There seems to be a determined effort in Arizona to demonize illegal immigrants and characterize them as murderers, drug dealers, rapists and child molesters – which is far from the reality.

Even Gov. Jan Brewer did this in a speech Thursday about her plans to put the National Guard on the Arizona border with Mexico. She criticized the federal government for failing to crack down on illegal immigration and said the Obama administration had turned “a blind eye to the issues that Arizona is being overrun by illegal immigration, terrorizing the citizens.”

Terrorizing us? Get real.

So who, besides the governor is defending this new law?  I decided to head northeast to the big city of Phoenix, home of retirees, golf clubs, polyester pants and white shoes.  Surely this would be a place of Republican fervor — or is that all just a cruel stereotype?  The door to the web site of the Arizona Republic was open so I walked in uninvited (At 2:48 p.m., it was 89 degrees outside so I needed some shade).  At the top of homepage was this headline: “Arizona immigration law could drive Latinos out of state.”

Those here legally as well as illegally, it turns out.

I was starting to feel desperate. Who is supporting this new law anyway? Where can I find the bad guys?  On the Opinion Pages, I found a letter by one Margaret Mullen. Here’s what she said:

First, I am a lifelong Republican but one who has always supported the best candidates and policies, not one who thinks one party or the other is always right.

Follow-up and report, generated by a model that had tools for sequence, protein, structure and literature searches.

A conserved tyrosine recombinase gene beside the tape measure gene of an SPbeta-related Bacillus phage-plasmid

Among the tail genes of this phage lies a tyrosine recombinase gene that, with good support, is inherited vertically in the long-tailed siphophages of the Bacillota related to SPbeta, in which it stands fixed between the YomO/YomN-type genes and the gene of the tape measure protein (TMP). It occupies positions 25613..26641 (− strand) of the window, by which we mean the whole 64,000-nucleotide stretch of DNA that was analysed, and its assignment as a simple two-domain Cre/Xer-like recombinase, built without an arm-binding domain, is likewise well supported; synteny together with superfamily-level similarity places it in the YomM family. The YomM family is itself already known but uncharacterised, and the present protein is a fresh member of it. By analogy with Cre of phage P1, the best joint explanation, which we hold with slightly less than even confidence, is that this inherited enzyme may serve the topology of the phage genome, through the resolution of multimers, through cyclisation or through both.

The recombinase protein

Second, I’ve been in Arizona for 30 years – working in some form of economic development most of that time.

It is time we, and by we, I mean all Arizonans, demand that our congressional delegation work together and get comprehensive  immigration reform adopted now – not after the next election – but now.

That means securing the borders, dealing with those in this country illegally, visa reform, a guest-worker program, the entire package.

If we are going to be ground zero for the problem and become the laughingstock of the nation, we ought to show the country what Arizonans are really made of and demand our delegation do what we elected them to do!

Gosh. Sounds pretty darn reasonable to me. I’m starting to think this really awful law could have good consequences if it jump starts the Congress on yet another issue about which it’s been dithering for decades.

I hope so. I’d sure like to see Canyon de Chelly again.


About jerrylanson

I teach, write, coach and sing, though you're not required to listen to the latter. I'm a journalism professor at Emerson College in Boston. My third book, "Writing for Others, Writing for Ourselves," was published in November by Rowman & Littlefield Publishing. You can read a sample chapter at My passions are politics (generally liberal in outlook), music, mountains, golden retrievers and my grandchildren, though not in that order. Please stop by and mix it up with me. I always answer those who post.